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Press Release

Shure Wireless Microphones and Personal Monitors Help Power 59th GRAMMY® Awards

February, 16 2017 |

Niles, IL., February 16, 2017—The 59th annual GRAMMY Awards show, broadcast live from the Staples Center in Los Angeles, brought together an eclectic mix of talented musicians to celebrate the music industry. Hosted by James Corden and dominated by multiple award winners Adele, Beyoncé, and Chance The Rapper, the show featured a wide range of musical styles and unexpected talent pairings. Audio for the CBS telecast was mixed and managed by audio recording trucks from Music Mix Mobile, backline equipment and expertise from ATK Audiotek, and RF system design and frequency coordination by Soundtronics.

As always, performers were encouraged to use their preferred wireless microphones, a Recording Academy policy designed to make the musicians feel comfortable on stage. To help ensure an interference-free evening, the audio crew paired Shure UHF-R® transmitters with Axient AXT400 receivers for increased selectivity. Even the podium microphones were wireless, with Shure UR1 transmitters hidden beneath. In addition, nearly all of the in-ear monitor systems used were Shure PSM 1000 units. The show’s monitor mixers were Mike Parker and Tom Pesa. Dave Bellamy of Soundtronics handled frequency coordination duties.

“In such a heavy RF environment, we need every frequency we can spare,” said Audio Coordinator Michael Abbott. “The flexibility of Axient receivers, with their ability to accommodate a mix of Axient and custom UHF-R transmitters in different ranges, helped meet the needs of artists who requested Shure.”

Those artists included Best Country Solo Performance winner Maren Morris, who sang on a gold plated UR2 transmitter with the classic SM58® mic element. The UR2/SM58 was also used by Demi Lovato, Keith Urban, Kelsea Ballerini, Tamela Mann, and Kirk Franklin, along with members of Little Big Town.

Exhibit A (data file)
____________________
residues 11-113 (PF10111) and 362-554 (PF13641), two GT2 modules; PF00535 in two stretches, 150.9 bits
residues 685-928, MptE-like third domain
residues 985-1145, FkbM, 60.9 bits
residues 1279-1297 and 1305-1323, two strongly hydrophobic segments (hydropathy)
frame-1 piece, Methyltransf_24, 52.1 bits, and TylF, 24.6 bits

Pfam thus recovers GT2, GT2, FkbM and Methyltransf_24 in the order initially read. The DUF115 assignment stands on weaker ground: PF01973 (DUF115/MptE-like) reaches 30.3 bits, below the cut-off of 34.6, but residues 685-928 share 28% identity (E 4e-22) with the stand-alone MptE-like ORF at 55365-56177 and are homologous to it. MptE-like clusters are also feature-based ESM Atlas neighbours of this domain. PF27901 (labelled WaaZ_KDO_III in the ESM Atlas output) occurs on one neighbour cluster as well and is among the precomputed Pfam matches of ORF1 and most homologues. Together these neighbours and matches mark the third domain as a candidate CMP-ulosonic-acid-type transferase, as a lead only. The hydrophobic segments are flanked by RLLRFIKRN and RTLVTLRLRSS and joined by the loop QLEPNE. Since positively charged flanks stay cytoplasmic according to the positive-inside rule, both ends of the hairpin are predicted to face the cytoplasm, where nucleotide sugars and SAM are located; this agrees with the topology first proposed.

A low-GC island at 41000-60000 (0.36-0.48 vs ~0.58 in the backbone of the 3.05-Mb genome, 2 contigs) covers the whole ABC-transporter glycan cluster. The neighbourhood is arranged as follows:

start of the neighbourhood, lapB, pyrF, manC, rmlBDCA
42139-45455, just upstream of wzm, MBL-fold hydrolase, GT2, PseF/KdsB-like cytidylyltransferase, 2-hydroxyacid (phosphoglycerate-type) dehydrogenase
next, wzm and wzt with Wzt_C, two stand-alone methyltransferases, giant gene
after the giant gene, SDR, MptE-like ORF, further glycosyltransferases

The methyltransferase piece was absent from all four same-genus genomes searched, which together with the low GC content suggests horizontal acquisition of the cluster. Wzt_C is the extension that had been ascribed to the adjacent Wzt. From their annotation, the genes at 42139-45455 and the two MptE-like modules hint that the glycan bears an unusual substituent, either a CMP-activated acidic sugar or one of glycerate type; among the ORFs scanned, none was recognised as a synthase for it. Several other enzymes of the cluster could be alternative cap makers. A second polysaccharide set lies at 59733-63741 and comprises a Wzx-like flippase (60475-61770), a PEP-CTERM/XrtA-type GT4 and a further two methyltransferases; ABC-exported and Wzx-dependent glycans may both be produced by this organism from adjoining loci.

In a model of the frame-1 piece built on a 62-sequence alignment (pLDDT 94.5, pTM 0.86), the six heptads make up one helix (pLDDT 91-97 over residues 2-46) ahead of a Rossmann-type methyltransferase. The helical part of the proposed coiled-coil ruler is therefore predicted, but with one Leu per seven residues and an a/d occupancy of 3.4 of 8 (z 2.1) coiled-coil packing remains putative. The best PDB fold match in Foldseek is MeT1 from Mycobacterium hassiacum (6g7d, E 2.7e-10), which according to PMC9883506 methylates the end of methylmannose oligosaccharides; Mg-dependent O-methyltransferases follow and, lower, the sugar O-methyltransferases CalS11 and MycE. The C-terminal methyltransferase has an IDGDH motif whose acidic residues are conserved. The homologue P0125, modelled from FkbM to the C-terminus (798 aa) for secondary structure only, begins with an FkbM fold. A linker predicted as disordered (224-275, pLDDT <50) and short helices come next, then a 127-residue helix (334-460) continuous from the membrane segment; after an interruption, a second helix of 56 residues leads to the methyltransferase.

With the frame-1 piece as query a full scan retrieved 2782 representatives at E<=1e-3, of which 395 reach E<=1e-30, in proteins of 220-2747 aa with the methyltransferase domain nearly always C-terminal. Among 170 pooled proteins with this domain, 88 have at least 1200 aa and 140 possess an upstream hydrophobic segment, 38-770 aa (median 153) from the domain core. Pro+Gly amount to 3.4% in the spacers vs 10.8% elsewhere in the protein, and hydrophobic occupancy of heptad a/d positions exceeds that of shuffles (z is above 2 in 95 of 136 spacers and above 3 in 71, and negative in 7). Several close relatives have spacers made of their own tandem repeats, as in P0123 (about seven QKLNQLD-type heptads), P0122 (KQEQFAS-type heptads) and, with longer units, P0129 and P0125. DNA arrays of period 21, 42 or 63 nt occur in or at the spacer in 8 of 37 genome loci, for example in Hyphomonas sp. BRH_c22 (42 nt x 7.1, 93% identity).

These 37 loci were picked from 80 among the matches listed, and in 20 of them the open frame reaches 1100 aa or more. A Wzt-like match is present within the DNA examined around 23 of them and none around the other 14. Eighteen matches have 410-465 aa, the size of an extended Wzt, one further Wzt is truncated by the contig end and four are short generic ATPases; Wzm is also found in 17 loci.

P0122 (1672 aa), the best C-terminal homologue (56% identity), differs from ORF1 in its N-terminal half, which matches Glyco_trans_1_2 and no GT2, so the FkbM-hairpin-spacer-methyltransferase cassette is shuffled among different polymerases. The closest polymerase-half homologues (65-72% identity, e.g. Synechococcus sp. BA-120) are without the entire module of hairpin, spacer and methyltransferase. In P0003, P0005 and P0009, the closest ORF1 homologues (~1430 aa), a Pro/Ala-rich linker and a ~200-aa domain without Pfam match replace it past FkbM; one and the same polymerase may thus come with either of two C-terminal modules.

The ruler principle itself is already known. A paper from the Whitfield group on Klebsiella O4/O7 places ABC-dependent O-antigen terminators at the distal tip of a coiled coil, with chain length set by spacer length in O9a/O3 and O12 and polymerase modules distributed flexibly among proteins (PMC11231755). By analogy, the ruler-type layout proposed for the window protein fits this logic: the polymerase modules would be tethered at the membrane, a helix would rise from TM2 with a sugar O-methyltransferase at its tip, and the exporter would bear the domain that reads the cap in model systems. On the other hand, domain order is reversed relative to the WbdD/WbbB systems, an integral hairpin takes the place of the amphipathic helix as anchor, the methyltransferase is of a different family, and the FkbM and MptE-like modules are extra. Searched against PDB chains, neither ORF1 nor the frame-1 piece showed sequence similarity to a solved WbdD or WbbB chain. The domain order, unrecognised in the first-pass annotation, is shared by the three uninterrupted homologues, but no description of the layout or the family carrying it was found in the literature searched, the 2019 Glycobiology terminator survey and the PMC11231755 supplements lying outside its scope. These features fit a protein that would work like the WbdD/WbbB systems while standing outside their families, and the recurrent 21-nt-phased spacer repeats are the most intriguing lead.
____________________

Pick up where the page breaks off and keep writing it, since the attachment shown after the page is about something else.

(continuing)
KSM9 condenser mic elements were found atop the Shure UR2 transmitters used by three members of Pentatonix and one from Little Big Town, while the revolutionary KSM8 dual-diaphragm dynamic was used by Tori Kelly, Cynthi Erivo, and was also featured in Best Americana Album winner William Bell’s performance with Gary Clark Jr. Full Axient systems were used for performances by A Tribe Called Quest, John Legend, and Chance The Rapper.

Of course, not every microphone on stage was wireless. Best Country Album winner Sturgill Simpson sang through a Shure 5575LE, a limited-edition 75th anniversary version of the classic Model 55 Unidyne microphone. All acoustic pianos on the telecast were miked with Beta 181/C condensers, and many guitar cabinets benefitted by using the Shure KSM313 ribbon microphone.

“I've been using the KSM313 Ribbon mics on so many applications lately,” notes music mixer John Harris of Music Mix Mobile. “On this show, we use them on guitar cabinet, where they capture an amazing amount of depth.”

Overall, the 2017 GRAMMY Awards broadcast was as challenging a live event as ever. On the broadcast side, the overall production mixer was Tom Holmes. Inside the Music Mix Mobile trucks, Eric Schilling and John Harris alternated mix duties throughout the lengthy show. Inside the Staples Center, the FOH production mix was provided by Mikael Stewart of ATK Audiotek, working with FOH music mixer Ron Reaves.

“The GRAMMY Awards broadcast is always full of challenges and surprises, and this year was no exception,” notes Shure Artist Relations Manager Cory Lorentz. “We’re always pleased to see so many Shure mics and wireless systems on stage, helping make the GRAMMYs happen for a global audience.”